The push against voting rights in Maine is just one example of the most direct assault on ballot access since the Jim Crow era. The American Legislative Exchange Council (ALEC), the influential corporate-funded group that writes model bills for Republican state legislators, has pushed Republicans across the country to impose new restrictions on voting and to overturn progressive laws like Maine’s. “I don’t want everybody to vote,” ALEC co-founder Paul Weyrich said three decades ago. “As a matter of fact, our leverage in the elections quite candidly goes up as the voting populace goes down.”

In Ohio, where voters will vote next month on whether to overturn an ALEC-modeled law passed earlier this year that would greatly curtail collective bargaining for public employees and abolish binding arbitration for the settling of disputes, the assembly also passed a law that is designed to repress the vote through new absentee-ballot restrictions and new rules for poll workers.

In some states, Caldwell writes, the voter ID laws seem to directly target African Americans:

As many as one in four African Americans lack the identification these states now require, leading Georgia Congressman John Lewis to call the laws “poll taxes by another name.” (Under the Voting Rights Act, voter-ID laws in Texas and South Carolina must be approved by the Department of Justice because of those states’ history of minority-voter suppression. At press time, the department had not yet ruled.)

Rock the Vote has a map on its site of where new laws designed to suppress voter turnout have been enacted, and is encouraging activism to overturn the restrictions and/or minimize their impact.

The people of Maine will have the opportunity to overturn the state’s new voting restrictions and restore same-day voting by voting yes on Question 1, a public referendum question that will appear on the November 8 ballot. According to Project Maine Votes, a coalition of 18 groups that support the restoration of full voting rights, more than 70,000 signatures were gathered in less than a month on a petition to get Question 1 on the ballot.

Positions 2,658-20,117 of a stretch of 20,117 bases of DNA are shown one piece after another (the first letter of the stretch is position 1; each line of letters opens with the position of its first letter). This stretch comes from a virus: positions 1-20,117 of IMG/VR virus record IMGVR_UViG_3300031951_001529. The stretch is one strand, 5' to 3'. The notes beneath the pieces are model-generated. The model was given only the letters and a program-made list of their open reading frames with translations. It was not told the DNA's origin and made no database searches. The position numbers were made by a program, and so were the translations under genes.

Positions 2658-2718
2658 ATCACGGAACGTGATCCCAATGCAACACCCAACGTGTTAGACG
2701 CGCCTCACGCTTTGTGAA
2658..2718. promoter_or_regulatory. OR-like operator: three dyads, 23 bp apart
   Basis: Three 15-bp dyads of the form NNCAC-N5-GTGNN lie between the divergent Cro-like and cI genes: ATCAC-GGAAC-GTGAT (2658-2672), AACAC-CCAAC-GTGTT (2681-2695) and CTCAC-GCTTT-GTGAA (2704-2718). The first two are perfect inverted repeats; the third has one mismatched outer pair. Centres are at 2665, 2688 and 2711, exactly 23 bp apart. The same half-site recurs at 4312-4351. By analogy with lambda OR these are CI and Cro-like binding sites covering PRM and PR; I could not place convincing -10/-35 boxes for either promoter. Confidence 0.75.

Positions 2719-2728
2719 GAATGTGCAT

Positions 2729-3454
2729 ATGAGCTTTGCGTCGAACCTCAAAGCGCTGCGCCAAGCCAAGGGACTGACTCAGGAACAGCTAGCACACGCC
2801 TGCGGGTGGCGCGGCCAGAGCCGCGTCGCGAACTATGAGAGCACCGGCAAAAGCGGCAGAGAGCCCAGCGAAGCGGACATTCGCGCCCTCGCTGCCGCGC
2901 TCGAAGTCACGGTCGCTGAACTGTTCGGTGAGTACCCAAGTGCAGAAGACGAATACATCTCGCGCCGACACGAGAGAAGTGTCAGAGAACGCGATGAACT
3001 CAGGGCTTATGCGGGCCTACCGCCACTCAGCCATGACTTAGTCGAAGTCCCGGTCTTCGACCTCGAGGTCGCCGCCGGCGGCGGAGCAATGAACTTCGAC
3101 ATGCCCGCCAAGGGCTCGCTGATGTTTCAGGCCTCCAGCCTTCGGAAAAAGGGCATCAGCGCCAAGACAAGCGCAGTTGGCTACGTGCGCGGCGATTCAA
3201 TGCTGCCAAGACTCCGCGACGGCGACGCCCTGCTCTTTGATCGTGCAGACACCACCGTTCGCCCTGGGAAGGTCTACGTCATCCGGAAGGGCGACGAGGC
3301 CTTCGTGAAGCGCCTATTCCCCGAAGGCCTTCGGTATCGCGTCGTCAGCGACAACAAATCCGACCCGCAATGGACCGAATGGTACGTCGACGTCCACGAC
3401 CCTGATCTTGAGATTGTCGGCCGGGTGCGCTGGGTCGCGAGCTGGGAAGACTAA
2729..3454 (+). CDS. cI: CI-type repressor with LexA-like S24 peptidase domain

In Ohio, where the legislature passed House Bill 194, which will shorten the time period allowed for early and absentee voting, Ohio activists, with the help of the AFL-CIO, gathered more than enough petition signatures to prevent the new restrictions from taking effect in the 2012 elections. The Ohio law would also forbid a poll worker from informing a voter that she or he was casting a ballot in the wrong precinct, setting that voter’s ballot up for rejection in a recount.

Elsewhere, the labor-allied One Wisconsin Now is calling attention to an attempt by tea party-aligned members of the state legislature to alter the formula by which the states electoral college votes are determined in the presidential election.

You can read Patrick Caldwell’s article, “Who Stole the Election?” at The American Prospect.